Helen Keller once wrote, “Although the world is full of suffering, it is full also of the overcoming of it.” If you’ve been diagnosed with depression, you know overcoming it can often feel like an endless journey through an impenetrable swamp.
For many sufferers, the best medicine is a combination of talk therapy and antidepressants. Many othersâ€”including those for whom medication has proven ineffective or the side-effects too severeâ€”prefer to seek out alternative therapies.
Treatments such as acupuncture, aromatherapy, supplements, herbs and even dark chocolate have all been employed in the fight against depression. Not all of the alternatives are equal, howeverâ€”or even effective. In the century since Keller penned her words, we’ve learned a great deal about how to treat depressionâ€”but mixed in with the science are quite a few myths. Teasing out the fiction from the facts can be an exercise in overcoming all its own.
1. THE TREATMENT: ACUPUNCTURE
Acupuncture is a form of Traditional Chinese Medicine that uses the manipulation of specifically placed needles in the body. It has been used to treat a number of maladies, including depression, for centuries.
DOES IT WORK?
Maybe. Researchers have found that, prior to 2008, studies showing acupuncture to be as effective or more effective than antidepressants included a high risk of bias. A 2010 Stanford University study of pregnant women found a 63 percent reduction in symptoms for those receiving “depression-specific acupuncture.” Research also indicates that patients benefit more if talk therapy is used in conjunction with acupuncture.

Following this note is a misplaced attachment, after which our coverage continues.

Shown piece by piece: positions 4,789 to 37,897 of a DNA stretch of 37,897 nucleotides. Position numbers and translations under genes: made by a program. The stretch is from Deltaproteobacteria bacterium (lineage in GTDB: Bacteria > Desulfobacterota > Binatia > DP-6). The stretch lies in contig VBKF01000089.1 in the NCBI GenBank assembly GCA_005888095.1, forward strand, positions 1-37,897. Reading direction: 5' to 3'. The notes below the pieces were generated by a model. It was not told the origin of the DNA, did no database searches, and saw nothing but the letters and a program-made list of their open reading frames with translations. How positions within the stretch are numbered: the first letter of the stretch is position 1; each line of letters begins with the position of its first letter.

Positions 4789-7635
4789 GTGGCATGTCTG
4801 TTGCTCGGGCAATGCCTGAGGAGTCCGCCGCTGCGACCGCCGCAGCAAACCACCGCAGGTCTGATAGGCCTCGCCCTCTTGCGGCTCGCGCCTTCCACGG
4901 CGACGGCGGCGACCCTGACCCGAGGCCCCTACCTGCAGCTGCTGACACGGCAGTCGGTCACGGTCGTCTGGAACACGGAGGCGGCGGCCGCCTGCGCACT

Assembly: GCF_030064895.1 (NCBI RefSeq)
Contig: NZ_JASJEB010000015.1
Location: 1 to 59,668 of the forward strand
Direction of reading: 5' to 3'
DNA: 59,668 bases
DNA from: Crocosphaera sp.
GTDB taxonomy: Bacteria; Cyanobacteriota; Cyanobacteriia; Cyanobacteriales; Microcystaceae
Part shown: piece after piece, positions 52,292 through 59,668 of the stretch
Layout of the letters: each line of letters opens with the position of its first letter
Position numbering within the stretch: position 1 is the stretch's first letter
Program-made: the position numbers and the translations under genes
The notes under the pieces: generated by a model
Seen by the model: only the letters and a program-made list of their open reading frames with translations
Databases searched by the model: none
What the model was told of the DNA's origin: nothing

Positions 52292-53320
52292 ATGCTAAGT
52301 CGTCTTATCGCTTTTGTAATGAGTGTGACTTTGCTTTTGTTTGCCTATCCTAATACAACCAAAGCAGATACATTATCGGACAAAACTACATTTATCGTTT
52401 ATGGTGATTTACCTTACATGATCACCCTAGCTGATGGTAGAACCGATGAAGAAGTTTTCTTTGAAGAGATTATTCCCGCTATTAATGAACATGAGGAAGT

Even though the jury is still out, acupunctureâ€”including electroacupunctureâ€”appears to be a promising alternative to medication for mild to moderate depression. Because of its low risk, acupuncture may be especially useful for those who either can’t take antidepressants due to a medical condition (such as pregnancy) or those worried about drug interactions or side effects.
2. THE TREATMENT: SAM-e
S-adenosyl-L-methionine, or SAM-e, is a supplement that may raise levels of the brain neurotransmitter dopamine. It had been used in the treatment of depression in Europe for decades before being approved as an over-the-counter dietary supplement in the US in the late 1990s.
DOES IT WORK?
Yes, for many people. A study published in The American Journal of Clinical Nutrition found SAM-e to be as effective as antidepressants and faster acting than mostâ€”usually providing relief within a few days to two weeks. In addition, it has shown to be effective for even severe depression.
Although it doesn’t work for everyone, 1,600 mg of SAM-e per day appears to be a good alternative for those who don’t respond well to other medications, those for whom waiting for other treatments to take effect would be detrimental or for people who only get partial relief from their current treatment. Contact your doctor before combining SAM-e with any medications.
3. THE TREATMENT: ST. JOHN’S WORT
St. John’s wort (Hypericum perforatum) is an herbal extract that has been used to treat anxiety disorders, including depression, for centuries.